Varroa mites reproduce within the protection of the capped cell of the pupating larva. A fertile female enters the cell of a larva shortly before capping. She lays several eggs including one male and the remaining females. The eggs hatch and begin sucking the blood of the larva as they develop in parallel with the bee larva. The mature mites mate with the siblings or progeny of additional mites laying eggs within the same cell. The mated female mites leave with the honeybee, which can be so severely deformed from the loss of nutrition that it may never serve the colony. The mites attach themselves to a passing bee as temporary host until ready to lay eggs. Severe infestation occurs when brood rearing is at its highest, during nectar flows, so that colonies often crash with abundant honey right after a flow.
Treatment for the mites is difficult because of the biological similarities and requirements of both the mite and the honeybee host. An additional problem is that chemicals used within a honeybee colony must be food safe because they could get into the honey, thus contaminating it.
If you keep honeybees, you probably have both mites and you need to learn how to safely treat your bees to help them fight off these attacks. If you have depended upon wild honeybees for pollination of large blocks of fruiting crops, you need to look at all pollinator activity and take action to achieve the pollinator populations necessary. If you contract pollination, be aware that with the additional costs of fighting the mites, it is estimated that it costs a minimum of $80 to maintain a colony of bees for one year for pollination, an alternative to honey production because of different management goals.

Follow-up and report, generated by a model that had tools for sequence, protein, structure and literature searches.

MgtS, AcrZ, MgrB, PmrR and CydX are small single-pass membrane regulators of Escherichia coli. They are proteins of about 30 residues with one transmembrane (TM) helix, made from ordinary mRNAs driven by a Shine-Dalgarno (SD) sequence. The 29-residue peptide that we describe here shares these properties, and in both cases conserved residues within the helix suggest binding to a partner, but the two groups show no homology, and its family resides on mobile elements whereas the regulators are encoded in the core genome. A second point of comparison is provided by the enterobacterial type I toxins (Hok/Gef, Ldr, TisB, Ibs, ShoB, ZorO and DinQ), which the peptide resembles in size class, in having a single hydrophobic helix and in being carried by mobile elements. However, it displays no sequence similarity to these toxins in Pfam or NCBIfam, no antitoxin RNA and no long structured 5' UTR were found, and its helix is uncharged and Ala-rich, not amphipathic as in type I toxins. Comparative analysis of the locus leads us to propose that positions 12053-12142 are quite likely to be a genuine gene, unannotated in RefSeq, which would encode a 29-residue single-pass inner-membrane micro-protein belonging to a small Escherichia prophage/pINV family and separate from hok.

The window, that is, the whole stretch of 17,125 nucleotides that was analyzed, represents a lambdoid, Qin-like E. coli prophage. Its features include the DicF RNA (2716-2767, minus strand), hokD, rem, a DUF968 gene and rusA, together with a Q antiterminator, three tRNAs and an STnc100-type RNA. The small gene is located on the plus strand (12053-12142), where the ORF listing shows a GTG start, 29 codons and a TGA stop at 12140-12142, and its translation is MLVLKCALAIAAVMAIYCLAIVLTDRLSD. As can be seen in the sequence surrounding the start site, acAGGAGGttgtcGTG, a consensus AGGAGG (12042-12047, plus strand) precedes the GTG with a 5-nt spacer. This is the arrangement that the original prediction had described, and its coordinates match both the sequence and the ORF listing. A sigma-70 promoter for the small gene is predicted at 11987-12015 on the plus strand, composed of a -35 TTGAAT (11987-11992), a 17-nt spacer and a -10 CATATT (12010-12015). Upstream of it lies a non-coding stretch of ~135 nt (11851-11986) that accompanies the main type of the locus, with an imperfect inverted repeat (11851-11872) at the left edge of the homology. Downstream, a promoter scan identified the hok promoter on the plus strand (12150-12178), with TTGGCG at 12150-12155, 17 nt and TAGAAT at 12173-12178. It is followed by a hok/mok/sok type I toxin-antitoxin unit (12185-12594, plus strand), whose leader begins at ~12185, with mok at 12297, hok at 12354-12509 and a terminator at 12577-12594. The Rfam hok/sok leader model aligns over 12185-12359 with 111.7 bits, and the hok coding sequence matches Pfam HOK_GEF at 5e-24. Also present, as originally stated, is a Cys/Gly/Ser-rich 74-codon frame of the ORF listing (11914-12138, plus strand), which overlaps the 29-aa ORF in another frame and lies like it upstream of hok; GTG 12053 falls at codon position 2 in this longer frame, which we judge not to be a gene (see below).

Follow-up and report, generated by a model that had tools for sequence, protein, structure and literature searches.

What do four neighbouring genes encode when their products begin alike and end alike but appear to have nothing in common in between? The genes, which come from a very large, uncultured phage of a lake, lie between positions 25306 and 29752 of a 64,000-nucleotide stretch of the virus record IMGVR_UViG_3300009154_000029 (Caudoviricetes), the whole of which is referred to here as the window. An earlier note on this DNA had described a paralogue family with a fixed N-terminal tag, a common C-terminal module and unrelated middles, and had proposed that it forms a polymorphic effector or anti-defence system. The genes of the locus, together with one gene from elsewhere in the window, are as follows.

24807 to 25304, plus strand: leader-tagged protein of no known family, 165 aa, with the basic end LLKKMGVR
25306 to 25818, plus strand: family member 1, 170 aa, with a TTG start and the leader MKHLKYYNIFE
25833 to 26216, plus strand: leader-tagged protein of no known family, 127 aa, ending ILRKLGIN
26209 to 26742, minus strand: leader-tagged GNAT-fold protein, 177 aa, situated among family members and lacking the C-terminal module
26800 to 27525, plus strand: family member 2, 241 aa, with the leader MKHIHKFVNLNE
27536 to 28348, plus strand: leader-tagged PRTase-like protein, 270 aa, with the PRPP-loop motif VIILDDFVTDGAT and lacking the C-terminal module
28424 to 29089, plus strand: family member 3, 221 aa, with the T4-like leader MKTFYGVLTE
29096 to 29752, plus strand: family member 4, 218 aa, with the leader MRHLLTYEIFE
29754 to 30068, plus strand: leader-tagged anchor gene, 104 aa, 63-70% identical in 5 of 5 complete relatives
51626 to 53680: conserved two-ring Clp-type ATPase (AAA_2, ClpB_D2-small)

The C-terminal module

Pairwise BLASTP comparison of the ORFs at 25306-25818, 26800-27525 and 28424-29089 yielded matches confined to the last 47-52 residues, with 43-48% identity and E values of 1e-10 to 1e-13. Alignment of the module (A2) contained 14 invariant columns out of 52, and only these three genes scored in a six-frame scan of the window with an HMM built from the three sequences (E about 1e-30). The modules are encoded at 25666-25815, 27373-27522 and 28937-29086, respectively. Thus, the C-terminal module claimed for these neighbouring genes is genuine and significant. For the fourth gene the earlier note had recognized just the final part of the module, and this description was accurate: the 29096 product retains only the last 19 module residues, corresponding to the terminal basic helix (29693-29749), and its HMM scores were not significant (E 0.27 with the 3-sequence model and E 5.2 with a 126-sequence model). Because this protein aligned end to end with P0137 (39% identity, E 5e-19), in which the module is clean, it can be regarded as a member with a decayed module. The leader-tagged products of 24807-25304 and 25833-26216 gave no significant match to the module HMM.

Why all this about pollination?
Fruits are bait produced by plants to facilitate seed scattering. Pollination is required to produce seeds and the seeds produce a hormone causing the development of the fruit. The number of seeds set determine the amount of hormone and thus the fruit size. It has been estimated that it requires 15 visits by a honeybee to a musk melon flower to set enough seeds to produce a #1 melon. Misshapen fruit are often the result of poor pollination.
Pollinators are required by many flowers to move heavy, sticky pollen from one flower to another to produce seeds. In other cases, like strawberries, they are not necessary but can be beneficial because the strawberry is considered to be 80% wind pollinated. The additional 20% of seed set, and thus fruit crop, provided by pollinators represents increased berry size and the uniformity desired or the seeds set when conditions are poor for wind pollination, such as damp weather.
Growers thus need to preserve the pollinators they have by avoiding their destruction by sprays, preserve habitat, and actively encourage pollinators by establishing suitable habitat.
(Ray Lackey has been keeping honeybees for over 25 years on Long Island. He has served as President of the Long Island Beekeepers Association. He often speaks at nature centers, parks, schools, scout troops, and adult meetings on honeybees and pollination. He has earned a Master Beekeeper certification from Eastern Apiculture Society, the principle beekeeping organization in Northeastern USA and eastern Canada.)